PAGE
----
Enzyme sterol 14α-demethylase (CYP51) is a well-established target for anti-fungal therapy and is a prospective target for Chagas' disease therapy. We previously identified a chemical scaffold capable of delivering a variety of chemical structures into the CYP51 active site. In this work the binding modes of several second generation compounds carrying this scaffold were determined in high-resolution co-crystal structures with CYP51 of Mycobacterium tuberculosis. Subsequent assays against CYP51 in Trypanosoma cruzi, the agent of Chagas' disease, demonstrated that two of the compounds bound tightly to the enzyme. Both were tested for inhibitory effects against T. cruzi and the related protozoan parasite Trypanosoma brucei. One of the compounds had potent, selective anti–T. cruzi activity in infected mouse macrophages. This compound is currently being evaluated in animal models of Chagas' disease. Discrimination between T. cruzi and T. brucei CYP51 by the inhibitor was largely based on the variability of a single amino acid residue at a critical position in the active site. Our work is aimed at rational design of potent and highly selective CYP51 inhibitors with potential to become therapeutic drugs. Drug selectivity to prevent host–pathogen cross-reactivity is pharmacologically important, because CYP51 is present in human host.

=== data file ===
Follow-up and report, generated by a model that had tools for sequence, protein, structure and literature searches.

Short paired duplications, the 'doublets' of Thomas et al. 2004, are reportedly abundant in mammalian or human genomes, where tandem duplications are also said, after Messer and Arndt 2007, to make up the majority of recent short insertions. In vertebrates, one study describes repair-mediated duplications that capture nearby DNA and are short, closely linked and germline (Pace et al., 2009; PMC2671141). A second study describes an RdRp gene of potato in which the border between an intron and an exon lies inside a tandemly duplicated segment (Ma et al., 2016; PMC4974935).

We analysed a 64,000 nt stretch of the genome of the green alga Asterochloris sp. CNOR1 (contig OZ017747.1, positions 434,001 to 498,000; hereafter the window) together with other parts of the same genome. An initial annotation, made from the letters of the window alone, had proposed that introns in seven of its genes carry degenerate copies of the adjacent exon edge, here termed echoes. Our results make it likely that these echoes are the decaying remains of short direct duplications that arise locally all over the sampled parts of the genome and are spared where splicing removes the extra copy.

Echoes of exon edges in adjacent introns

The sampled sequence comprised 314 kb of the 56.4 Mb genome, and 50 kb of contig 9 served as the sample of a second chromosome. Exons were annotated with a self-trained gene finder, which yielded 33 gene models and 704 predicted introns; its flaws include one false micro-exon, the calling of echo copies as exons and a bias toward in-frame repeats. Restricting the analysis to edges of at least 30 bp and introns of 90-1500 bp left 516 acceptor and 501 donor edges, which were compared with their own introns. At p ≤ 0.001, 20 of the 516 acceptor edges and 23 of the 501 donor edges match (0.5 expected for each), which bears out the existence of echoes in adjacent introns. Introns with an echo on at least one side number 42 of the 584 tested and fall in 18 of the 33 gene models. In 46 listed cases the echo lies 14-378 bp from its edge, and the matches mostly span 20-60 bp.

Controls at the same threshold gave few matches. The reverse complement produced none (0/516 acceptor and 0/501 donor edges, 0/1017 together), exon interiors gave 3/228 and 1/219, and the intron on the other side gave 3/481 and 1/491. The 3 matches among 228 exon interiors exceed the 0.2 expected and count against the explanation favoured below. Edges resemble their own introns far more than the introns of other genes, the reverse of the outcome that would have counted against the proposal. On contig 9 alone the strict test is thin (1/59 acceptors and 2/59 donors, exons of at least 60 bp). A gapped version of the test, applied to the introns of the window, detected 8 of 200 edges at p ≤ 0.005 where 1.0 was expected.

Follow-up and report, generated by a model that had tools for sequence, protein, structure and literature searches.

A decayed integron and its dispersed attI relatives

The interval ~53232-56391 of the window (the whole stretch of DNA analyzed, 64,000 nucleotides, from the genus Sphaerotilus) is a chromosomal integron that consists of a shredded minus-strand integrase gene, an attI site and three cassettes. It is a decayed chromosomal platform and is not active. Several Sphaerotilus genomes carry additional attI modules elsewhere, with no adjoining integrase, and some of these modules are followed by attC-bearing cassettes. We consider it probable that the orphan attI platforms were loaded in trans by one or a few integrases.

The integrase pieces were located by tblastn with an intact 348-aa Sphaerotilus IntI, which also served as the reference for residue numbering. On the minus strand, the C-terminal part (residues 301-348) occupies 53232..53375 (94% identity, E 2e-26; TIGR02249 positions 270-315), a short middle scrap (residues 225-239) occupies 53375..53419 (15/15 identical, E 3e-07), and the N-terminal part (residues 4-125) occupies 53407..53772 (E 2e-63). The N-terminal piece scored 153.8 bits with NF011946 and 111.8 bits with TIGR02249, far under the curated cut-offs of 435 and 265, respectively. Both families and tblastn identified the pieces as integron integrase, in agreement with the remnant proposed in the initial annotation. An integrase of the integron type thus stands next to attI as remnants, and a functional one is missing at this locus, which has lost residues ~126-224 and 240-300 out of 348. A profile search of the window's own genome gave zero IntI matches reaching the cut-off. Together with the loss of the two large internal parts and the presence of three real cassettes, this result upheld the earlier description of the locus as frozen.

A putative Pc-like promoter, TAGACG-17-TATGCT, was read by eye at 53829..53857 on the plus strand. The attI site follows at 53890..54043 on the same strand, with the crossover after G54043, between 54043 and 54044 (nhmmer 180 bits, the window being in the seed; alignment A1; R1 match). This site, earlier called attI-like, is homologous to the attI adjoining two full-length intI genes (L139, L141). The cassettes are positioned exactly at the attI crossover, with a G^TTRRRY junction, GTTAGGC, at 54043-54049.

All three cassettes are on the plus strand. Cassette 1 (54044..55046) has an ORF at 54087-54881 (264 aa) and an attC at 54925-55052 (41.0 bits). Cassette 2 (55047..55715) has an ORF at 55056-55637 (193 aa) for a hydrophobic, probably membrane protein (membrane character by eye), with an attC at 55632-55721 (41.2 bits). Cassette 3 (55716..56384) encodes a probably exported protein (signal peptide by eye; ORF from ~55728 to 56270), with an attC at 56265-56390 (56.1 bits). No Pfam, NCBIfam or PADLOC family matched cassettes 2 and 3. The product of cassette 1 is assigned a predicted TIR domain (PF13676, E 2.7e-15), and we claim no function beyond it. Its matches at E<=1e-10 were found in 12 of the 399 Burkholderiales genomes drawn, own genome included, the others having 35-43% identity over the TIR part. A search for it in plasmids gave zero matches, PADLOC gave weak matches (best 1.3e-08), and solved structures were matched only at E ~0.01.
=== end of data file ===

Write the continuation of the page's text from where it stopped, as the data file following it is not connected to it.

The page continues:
The crystal structure of Leishmania major N5,N10-methylenetetrahydrofolate dehydrogenase/N5,N10-methenyltetrahydrofolate cyclohydrolase is used to assess the potential of this bifunctional enzyme as a drug target.